The Second Amendment says: “A well regulated Militia, being necessary to the security of a free State, the right of the people to keep and bear Arms, shall not be infringed.”
There are not many varying interpretations of this. It is extremely self-explanatory.
Then with the fourth amendment and the massive data collection of the government without a search warrant, Kavanaugh wrote this.
Even if the bulk collection of telephony metadata constitutes a search,[…] the Fourth Amendment does not bar all searches and seizures. It bars only unreasonable searches and seizures. And the Government’s metadata collection program readily qualifies as reasonable under the Supreme Court’s case law. The Fourth Amendment allows governmental searches and seizures without individualized suspicion when the Government demonstrates a sufficient “special need” – that is, a need beyond the normal need for law enforcement – that outweighs the intrusion on individual liberty. Examples include drug testing of students, roadblocks to detect drunk drivers, border checkpoints, and security screening at airports. […] The Government’s program for bulk collection of telephony metadata serves a critically important special need – preventing terrorist attacks on the United States. See THE 9/11 COMMISSION REPORT (2004). In my view, that critical national security need outweighs the impact on privacy occasioned by this program. The Government’s program does not capture the content of communications, but rather the time and duration of calls, and the numbers called. In short, the Government’s program fits comfortably within the Supreme Court precedents applying the special needs doctrine.
I believe strongly in the Fourth Amendment and I believe that this is very clear and hard to vary the interpretation;
The right of the people to be secure in their persons, houses, papers, and effects, against unreasonable searches and seizures, shall not be violated, and no Warrants shall issue, but upon probable cause, supported by Oath or affirmation, and particularly describing the place to be searched, and the persons or things to be seized.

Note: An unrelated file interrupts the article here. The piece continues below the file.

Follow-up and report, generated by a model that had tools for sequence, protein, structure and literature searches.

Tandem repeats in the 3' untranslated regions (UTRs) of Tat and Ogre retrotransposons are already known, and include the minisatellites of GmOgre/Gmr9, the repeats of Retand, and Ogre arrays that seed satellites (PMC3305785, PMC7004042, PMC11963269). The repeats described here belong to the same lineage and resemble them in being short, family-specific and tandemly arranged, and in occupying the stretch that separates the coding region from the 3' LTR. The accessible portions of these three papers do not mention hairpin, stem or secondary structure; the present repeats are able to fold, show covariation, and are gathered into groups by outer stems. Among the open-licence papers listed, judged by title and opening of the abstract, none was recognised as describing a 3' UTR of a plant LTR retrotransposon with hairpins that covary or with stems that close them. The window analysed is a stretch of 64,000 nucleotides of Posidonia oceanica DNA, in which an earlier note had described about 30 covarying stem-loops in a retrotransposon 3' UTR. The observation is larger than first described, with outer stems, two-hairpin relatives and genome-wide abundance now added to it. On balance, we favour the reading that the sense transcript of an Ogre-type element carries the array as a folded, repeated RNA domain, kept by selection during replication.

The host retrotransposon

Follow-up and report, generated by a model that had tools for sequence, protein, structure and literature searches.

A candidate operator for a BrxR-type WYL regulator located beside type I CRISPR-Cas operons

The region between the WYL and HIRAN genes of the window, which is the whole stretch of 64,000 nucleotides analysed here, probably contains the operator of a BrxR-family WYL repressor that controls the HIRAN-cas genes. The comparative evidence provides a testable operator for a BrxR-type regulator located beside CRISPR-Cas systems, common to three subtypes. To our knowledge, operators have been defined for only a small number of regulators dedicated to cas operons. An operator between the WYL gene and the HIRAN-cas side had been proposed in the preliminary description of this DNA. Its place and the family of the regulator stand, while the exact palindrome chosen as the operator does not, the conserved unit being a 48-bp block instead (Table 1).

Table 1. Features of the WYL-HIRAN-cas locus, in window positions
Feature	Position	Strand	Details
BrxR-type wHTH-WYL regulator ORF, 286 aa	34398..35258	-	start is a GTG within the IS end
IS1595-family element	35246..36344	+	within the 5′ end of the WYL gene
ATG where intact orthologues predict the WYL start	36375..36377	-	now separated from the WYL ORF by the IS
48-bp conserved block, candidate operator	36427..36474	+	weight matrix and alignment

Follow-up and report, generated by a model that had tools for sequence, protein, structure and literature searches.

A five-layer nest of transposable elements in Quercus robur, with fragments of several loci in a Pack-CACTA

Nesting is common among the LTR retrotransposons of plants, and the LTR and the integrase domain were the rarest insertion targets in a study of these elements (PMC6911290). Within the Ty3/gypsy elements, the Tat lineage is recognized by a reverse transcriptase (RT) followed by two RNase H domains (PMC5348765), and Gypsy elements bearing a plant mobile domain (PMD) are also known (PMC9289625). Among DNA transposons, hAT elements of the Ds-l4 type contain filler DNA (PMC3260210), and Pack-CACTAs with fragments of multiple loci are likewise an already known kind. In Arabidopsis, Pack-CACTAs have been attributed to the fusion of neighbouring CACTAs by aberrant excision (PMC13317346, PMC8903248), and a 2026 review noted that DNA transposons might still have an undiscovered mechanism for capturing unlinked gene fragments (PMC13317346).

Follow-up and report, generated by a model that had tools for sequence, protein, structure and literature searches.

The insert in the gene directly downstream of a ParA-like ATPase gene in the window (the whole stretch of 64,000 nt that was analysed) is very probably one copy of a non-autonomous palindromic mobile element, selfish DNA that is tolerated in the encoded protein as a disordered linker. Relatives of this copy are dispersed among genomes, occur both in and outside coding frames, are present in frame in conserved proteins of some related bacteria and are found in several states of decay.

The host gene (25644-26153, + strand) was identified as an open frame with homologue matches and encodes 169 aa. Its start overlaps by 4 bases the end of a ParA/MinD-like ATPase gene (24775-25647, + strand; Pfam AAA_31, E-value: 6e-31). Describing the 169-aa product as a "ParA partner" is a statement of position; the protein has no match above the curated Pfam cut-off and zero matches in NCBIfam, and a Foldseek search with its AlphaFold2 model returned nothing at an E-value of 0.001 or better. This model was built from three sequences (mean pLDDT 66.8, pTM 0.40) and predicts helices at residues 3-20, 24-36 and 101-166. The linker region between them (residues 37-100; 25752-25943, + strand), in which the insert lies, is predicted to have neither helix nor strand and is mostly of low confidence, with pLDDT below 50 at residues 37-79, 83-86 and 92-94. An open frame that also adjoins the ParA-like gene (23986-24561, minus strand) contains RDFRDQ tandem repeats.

Those two things I highly disagree with both Trump and Kavanaugh. I feel that the Second Amendment disagrees with both Trump and Kavanaugh in regards to the points that I made above.
So, in my opinion, there could have been far worse appointments, but my particular preference is for someone that is a strict constitutionalist. I reference Judge Andrew Napolitano, and Judge Jeanine Pirro, which are both strict constitutionalists and reasonable and adept Judges that would be a great fit for the job. However, there is also Amy Coney Barrett who is stronger than Judge Kavanaugh on the constitution and has been a top choice for awhile for SCOTUS. I am just getting acquainted with Amy Coney Barrett, but what I have researched of her, I would have much rather preferred her than Judge Brett Kavanaugh.
With all of that said, I am sure that this could not have turned out better than it did in this period of time in our country, with issues like the #metoo movement that is bringing out the details of what is truly going on with both “rape culture” and “false accusations”. For too long we have heard that “Only 2% of rape accusations turn out to be fake”, and that reference has no empirical data to back it at all, and when analyzing the data more, it is clear that the fake rape statistics are far more likely to be above 10%, and could be as high as 41% if we go by the actual peer-reviewed data on false rape accusations.
Also when we look at actual peer-reviewed data on actual rapes, the media and many government studies classify rape in prison separate from rape on the outside. On “the outs” (outside of prison) rapes in the USA for 2017 were 99,856 total rapes reported.
In prison, there were over 200,000 rapes. The prison population is made up of 97.3% men. It is also notable that men on “the outs” report sexual assault almost as much as women. With these details, it is clear that rape of men happens at about twice the rate of that of women.
My main reason for considering this a victory is that I believe now that two sitting SCOTUS judges have had fake rape allegations waged at them, that false reporting will be treated much more harshly in the future.
The Democrats, namely Nancy Pelosi ready and blatantly admit to using fake facts to smear someone, then leak it to the media, and then reference the media as a “source of facts”. Nancy Pelosi calls it “The Wrap Up Smear“, see the video below to listen to how the Democrats use character assassination to destroy opponents.